Incidents of Travel

May 5th, 2011

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My friend Paul asked me to go shooting with him. He had good intentions. As a true friend he wanted to see what kind of new thinking the unexpected incident might inspire in me.  Our lark never happened. Burdened with a winter of over 60” of snow and ice, we both spent much of our free time shoveling.  When not shoveling, I was in deep hibernation.

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Paul’s suggestion opened a train of thought.  I have a few bodies of work, never exhibited, that were the unanticipated results of travel. Some revolve around family, images that began as a simple documentation of vacations together. I wanted younger generations to be able to match a photograph to the stories that will surely be told, as stories were told to me. I never thought of this as ‘art’, but maybe it is.

I spent some time in Warsaw, once pre-EU, once post. Both times I rented a room in what was called a Communist-style building. Built in the 1970’s under that rule,many of these complexes make the International Style seem gaudy.  Now privately owned, the interiors of my building were often quite stylishly updated, but the exterior remained grim. The apartment that I was in retained it’s original aesthetic, which include three impressive locks. I spent a good deal of time waiting. I would hear comings and goings. Feeling the oppression of the locks, I would imagine a repressive state. I stared out of the peephole and then began photographing from it, waiting for something to happen.  My ultimate goal became to capture an image of the little dogs.

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I had a great time in Austin, TX. My husband and I were lost and hungry and wanted to hear some music. Purely by accident, we happened upon a local spot called Don’s Depot. I have a fondness for bars, having been a cocktail waitress and bartender, on and off, for about 20 years. Don’s Depot was very much a local spot. I’m not a documentary photographer, but I got caught up in the narrative of love, longing, friendship and the warmth of a place that seemed very specific to Texas.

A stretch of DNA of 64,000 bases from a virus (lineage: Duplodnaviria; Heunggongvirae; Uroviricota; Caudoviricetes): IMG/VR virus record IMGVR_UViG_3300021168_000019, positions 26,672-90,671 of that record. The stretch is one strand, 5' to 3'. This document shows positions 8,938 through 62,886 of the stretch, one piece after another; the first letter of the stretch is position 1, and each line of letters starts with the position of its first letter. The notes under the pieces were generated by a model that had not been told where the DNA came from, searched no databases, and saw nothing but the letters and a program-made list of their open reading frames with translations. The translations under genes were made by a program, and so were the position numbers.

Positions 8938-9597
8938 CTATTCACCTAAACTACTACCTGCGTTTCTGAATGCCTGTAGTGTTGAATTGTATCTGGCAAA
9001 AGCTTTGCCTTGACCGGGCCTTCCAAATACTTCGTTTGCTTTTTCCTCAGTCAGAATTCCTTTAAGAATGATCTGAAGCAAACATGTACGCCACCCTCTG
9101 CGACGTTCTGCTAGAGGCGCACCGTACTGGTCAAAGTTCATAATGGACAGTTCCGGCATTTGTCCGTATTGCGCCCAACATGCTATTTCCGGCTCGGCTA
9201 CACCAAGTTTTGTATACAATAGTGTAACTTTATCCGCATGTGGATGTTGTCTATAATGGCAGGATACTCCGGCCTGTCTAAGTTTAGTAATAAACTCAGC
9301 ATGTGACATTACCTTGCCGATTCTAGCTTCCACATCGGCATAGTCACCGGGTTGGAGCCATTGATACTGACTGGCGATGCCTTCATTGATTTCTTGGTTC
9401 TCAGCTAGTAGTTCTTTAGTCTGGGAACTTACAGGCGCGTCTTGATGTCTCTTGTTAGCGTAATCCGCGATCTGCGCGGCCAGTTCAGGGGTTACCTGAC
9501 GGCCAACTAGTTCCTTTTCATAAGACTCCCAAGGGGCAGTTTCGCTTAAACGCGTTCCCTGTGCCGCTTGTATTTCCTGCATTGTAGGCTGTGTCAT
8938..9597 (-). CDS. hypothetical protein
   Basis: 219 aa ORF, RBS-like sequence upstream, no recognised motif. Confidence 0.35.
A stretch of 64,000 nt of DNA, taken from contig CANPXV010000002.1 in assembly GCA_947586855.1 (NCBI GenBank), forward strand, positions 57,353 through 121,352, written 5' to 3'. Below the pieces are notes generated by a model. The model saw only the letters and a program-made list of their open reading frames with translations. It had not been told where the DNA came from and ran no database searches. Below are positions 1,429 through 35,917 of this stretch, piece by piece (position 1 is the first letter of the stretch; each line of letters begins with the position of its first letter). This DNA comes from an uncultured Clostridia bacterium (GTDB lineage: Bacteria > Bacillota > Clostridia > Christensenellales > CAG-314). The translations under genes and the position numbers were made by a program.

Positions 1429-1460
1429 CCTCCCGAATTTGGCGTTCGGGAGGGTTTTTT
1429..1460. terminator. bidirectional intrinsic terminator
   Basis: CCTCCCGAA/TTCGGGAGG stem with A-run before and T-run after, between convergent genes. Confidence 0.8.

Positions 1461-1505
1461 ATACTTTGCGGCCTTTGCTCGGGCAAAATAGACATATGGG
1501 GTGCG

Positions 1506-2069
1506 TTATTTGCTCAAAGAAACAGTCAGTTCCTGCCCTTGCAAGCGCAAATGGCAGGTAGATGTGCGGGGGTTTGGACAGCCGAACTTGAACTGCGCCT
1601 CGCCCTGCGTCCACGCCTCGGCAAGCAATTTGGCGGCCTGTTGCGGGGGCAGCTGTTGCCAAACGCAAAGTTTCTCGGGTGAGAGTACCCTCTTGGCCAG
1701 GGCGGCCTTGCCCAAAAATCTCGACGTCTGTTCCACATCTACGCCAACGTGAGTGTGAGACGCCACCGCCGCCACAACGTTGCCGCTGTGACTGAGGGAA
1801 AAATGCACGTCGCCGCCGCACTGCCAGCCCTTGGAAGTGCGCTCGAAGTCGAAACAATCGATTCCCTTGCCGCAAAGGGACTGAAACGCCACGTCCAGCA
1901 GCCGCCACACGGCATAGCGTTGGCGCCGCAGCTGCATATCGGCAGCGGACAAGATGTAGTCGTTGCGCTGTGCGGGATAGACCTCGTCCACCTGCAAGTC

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There was no forethought. These works were an unexpected response to place. They remind me of the need to refresh and I appreciate the generosity of the gesture of my friend.

Newness

August 17th, 2010

I am new to the idea of a blog. Being, by nature, a quiet, private person, it is taking some time to get my head around it. A blog feels like a diary and I do not have a favorable history with diaries.  My most outstanding memory of diary-keeping is that of encountering, at about age 11-12, my brothers reading my secret fantasies out loud to the entire neighborhood. I threw the diary away, and have not kept one since. I rarely even write in a journal; only when traveling.

So this is a time of newness. I am entering a new decade. I am organizing a new studio and I am attempting a new chapter in my photo series, Plant Life. Plant Life is one of many ongoing bodies of work. I tend to work on several projects at once.

With Plant Life, I have been exploring my relationship to nature by documenting my ongoing attempt to grow things. Having no horticultural ability at all, so far, I have primarily recorded my failures, although last summer, with much help from my husband, I grew radishes. He would water them when I forgot. I’m not sure if that counts.

I now have a few seeds for an Elm tree. I received them at an exhibition at Artspace, New Haven. I meant to plant them this past spring, but I was busy. I’ve now begun to photograph them